Two years ago, when I first went temporarily homeless willingly, it was a bittersweet pill to swallow. I had quietly left Toronto with little support, and actually, to a bit of criticism. As I tucked my -10 degree sleeping bag over myself in preparation for a cold night in my car, somewhere along the interstate between Wisconsin and South Dakota, I confess I felt a little alone with a tinge of self-pity over my life situation.
I wasn’t used to not knowing where I would be the next day or week. I wasn’t used to not having a familiar place to return to. I wasn’t used to the uncertainty. I wasn’t sure how long I could pull of such a lifestyle or if I had made the right choice. I wasn’t used to being in the full driver seat of my life and having so much control over my time and location.
So there I was, watching the snow fall on my car, lost in a moment of doubt, wondering if the next days, weeks, and months would lead to something fruitful…
Fortunately, it was a short-lived moment because I remembered, this is what I wanted.
I wanted to pick up and leave off, not weighed down by a long rent lease or mortgage payments.
I wanted to live somewhere else in the world.
I wanted to know what life was like for other people, outside my familiar surroundings.
I wanted the freedom to go wherever, whenever, I pleased.
That was my first taste of that life. And I loved it. It wasn’t long ago, but thinking of sleeping by myself in that cold car and cooking breakfast at a Walmart picnic table the next morning sounds beautifully nostalgic now. It was the start of discovering some purpose in my life, and that I was moving towards that unknown purpose.
Since then, if you’ve followed me on Twitter or Facebook, you’ve probably seen that I’ve moved around quite a bit, often finding a place to stay, but sometimes not. Every time I cross a border and fill in the entry card, I’m not sure what to write when I reach the “Address of Accommodations” box. I’ve been homeless at times on two continents since that first night in my car and must have slept in over 50 different places in the past year. Let me set something straight though. I’m not glamourizing being homeless because I know it’s not always great for those who haven’t chosen it. Being homeless may sound bad to most, but in my case, it’s not. It’s like a side salad that comes with my choices, and I accept it graciously.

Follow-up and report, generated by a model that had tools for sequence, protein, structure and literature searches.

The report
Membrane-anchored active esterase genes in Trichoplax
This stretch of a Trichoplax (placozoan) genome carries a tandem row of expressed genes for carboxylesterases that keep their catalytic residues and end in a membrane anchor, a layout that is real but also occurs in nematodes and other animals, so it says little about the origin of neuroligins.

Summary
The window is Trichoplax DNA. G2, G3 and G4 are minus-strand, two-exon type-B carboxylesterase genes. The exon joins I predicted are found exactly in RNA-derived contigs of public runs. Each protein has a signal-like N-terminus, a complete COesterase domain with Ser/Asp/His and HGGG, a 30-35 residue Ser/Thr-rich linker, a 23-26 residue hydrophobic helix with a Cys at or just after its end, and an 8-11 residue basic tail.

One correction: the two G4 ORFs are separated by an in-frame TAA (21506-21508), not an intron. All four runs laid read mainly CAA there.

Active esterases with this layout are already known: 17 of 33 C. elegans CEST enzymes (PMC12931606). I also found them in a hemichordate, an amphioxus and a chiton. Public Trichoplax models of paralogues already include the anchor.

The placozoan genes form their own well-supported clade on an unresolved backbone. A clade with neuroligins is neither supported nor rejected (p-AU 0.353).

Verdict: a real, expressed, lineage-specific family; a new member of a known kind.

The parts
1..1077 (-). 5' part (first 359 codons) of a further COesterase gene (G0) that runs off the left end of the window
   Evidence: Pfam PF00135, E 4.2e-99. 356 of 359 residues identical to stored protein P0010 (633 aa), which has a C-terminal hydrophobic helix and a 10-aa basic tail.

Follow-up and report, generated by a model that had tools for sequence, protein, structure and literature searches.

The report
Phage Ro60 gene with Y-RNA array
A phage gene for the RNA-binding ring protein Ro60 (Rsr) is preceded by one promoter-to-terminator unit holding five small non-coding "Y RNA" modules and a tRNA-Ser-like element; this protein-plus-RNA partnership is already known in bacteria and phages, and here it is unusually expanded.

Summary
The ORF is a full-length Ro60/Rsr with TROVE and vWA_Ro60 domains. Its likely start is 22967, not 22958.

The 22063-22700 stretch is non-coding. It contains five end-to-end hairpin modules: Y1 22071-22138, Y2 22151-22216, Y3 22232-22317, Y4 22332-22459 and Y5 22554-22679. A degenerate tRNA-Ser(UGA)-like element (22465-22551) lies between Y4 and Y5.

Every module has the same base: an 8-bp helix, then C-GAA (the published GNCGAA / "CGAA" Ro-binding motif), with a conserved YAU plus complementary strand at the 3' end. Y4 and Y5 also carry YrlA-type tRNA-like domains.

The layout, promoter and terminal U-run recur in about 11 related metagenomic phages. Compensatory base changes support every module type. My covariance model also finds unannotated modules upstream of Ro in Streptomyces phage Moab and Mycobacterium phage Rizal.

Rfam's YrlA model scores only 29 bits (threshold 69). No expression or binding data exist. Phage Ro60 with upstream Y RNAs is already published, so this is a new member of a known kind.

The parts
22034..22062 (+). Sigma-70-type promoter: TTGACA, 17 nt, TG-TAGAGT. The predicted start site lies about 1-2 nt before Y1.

Many posts ago, I turned a few heads when I wrote that if you want something, you have to want it really badly, almost like it’s a life-threatening situation. Really think about that again. If there’s something you want, what are you willing to do for it? What comforts and routines are you willing to give up?
I see this situation all the time now. I see someone who wants something really bad, gets a momentary adrenaline pump, and genuinely seems to want to go for it. And then, reality, other people’s reality, kicks them in the butt. “Reality” people bombard the dreamers with their “expertise”, tell them the flaws with their plan, or raise doubt in the dreamer’s mind: It’s already been done. What are you going to do when you come back? How are you going to survive? No one’s done that before. (To me, the last statement sounds like opportunity!)
Alas, as soon as the dream has come, it just as quickly disappears. The rookie dreamer realizes he/she can’t give up their security, lifestyle, or even creature comforts to pursue a dream. They sink back into their routines. The dream becomes taboo to talk about – regret brushed under the carpet. I don’t blame them. Once you get stuck in a certain familiar lifestyle and routine, it’s hard to enact change.
Perhaps it’s not natural to experience so much upheaval and uncertainty. For many people, even a mild disruption to their daily patterns – a subway delay, bad coffee, daylight savings time (the lose-an-hour spring one) – warrants a mild panic attack or generates enough cause for a rant. Maybe unpredictability shortens your life, but I’d choose a short, well-lived life over a long, mediocre one in a heartbeat.
Look, you don’t have to liquidate your house and assets and leave like I did to pursue a dream or to live on purpose. But what about eliminating some excess in your life? How about trimming some of that fat, like the time wasted accumulating things or trying to please everyone in your life? What about negotiating more free time for yourself? What about giving up a few hours of sleep or TV each night to work on something important? What about seriously breaking your old programming, your old routines, and your definition of reality?
The late Steve Jobs said, “Don’t let the noise of other’s opinions drown out your own inner voice.” Digest what Steve said for a moment. Then turn the switch on.
… define your reality.
… believe in it!